...I just let people know about something I made for supper that they might enjoy, too. That's all it is. (Nigel Slater)

"Never call a stomach a tummy without good reason.” William Strunk Jr., The Elements of Style

Our 2012 (Kerry Beal and me) Blog

My 2004 eG Blog

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Posted (edited)

Welcome to eG, @mikkidonaldson!  Can you say a little more about the "simple but elegant" part of your request for breakfast menus?  On the simple side, is this something that needs to be prepared and eaten very quickly? You mention that you don't know how to cook well - are you interested in learning new skills or should suggestions stick only to the most basic things?  Do you have time for a little prep either in the AM or the night before?  

By "elegant," I think I can assume that we're not eating this in the car :D  but I'm not sure what else that means.


Edited by blue_dolphin (log)

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I understood what Anna meant. Most people in North America not posting in the eGullet breakfast discussion tend to think in terms of certain items/types of food when it comes to breakfast. I know I do, and I am on eGullet and have participated in the breakfast discussion. I initially viewed that discussion as everybody wanting to be the hip, cool kid trying to raise the bar on eating something strange for breakfast but I quickly caught on to the idea that that wasn't the case at all. It was just my preconceived ideas of what constitutes breakfast influencing me. That said, the original post did mention that her mom isn't generally open to exploring new things so it might make her job easier if we try to stay somewhere in the vicinity of what most would recognize as breakfast food in the area where she lives.

I wish I could offer something helpful but steering away from eggs and pork while staying within the realm of commonly accepted North American breakfast foods (especially breakfast in the southern U.S. which tends to be almost entirely about eggs and pork) while allowing for her being diabetic falls outside of my area of experience.

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It's kinda like wrestling a gorilla... you don't stop when you're tired, you stop when the gorilla is tired.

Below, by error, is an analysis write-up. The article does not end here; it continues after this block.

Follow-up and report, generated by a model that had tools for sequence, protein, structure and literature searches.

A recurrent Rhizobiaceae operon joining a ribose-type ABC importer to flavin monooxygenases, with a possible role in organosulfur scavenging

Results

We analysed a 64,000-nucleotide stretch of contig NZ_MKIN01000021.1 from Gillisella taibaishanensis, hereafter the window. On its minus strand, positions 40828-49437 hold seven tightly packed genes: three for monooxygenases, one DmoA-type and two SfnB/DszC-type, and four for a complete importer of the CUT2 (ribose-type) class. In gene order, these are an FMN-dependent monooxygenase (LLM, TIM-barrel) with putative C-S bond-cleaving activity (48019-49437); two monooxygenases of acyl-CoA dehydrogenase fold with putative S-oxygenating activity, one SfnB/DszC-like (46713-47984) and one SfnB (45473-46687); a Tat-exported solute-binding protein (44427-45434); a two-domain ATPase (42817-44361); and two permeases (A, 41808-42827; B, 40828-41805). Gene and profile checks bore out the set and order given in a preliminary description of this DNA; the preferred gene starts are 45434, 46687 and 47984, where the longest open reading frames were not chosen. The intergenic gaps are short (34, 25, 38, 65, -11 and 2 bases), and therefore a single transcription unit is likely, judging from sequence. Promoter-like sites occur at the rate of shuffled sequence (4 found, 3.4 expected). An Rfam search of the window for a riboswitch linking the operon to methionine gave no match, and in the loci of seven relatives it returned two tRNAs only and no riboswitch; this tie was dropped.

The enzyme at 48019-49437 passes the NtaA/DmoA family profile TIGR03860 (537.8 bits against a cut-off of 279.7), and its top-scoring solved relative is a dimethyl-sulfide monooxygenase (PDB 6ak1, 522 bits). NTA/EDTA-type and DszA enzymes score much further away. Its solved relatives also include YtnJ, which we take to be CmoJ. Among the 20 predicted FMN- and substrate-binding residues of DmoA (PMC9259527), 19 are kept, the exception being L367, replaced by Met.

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So your mom can eat eggs and pork, you just prefer not to cook them?  If she likes sausage for breakfast and the fat and sodium aren't problems, look for chicken or turkey sausage.  Likewise there are lots of non-pork "bacon" type things out there.  And if you can stand to boil a pot of eggs once a week, she can have hard boiled eggs for breakfast or snacks, they will keep in the fridge for several days. 

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2 hours ago, mikkidonaldson said:

I don't eat pork or eggs which she is so stuck on having so sometimes a plate for us both is a challenge.

 

Wait, is this the crux?  She wants pork and eggs, but needs fiber.  But you don't want pork and eggs and maybe are not excited about the fiber either?

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Posted (edited)

Doesn't your mother have to watch her cholesterol? Diabetes is complicated and I don't really know much about it. Does your mother have to watch the amount of starch and simple carbs or things that turn into sugars?

 

One of my favorite breakfasts is left-over grits; takes too much time to make grits in the morning, at least real grits. I make mine with some low fat milk, and no cheese. I have to limit my cholesterol, though I am not diabetic. Whole wheat toast is always good. Spread something healthy on it. Avocado, nut butters, whatever is not bad for her. I like a little ricotta and fresh slices of tomato on toast. 

 

Potatoes are a pretty classic breakfast, and can be good lots of ways: home fries, potato pancakes, etc. Ever have red flannel hash? Made with beets--very healthy! No need for pork in that. As for fiber, sweet potatoes (especially the orangey red ones labeled "yams" are king! I could easily eat a hot sweet potato with nothing more that a touch of butter and a few grains of salt. Personally I'm not big on meat for breakfast, nor do I eat eggs for breakfast, and like others have suggested, breakfast is just another meal, limited only by health restrictions and imagination. It might be useful for the original poster to list the other big  no-no's, so readers can feel challenged without wasting time or contributing to a well meaning but growing pile of misinformation. Good luck!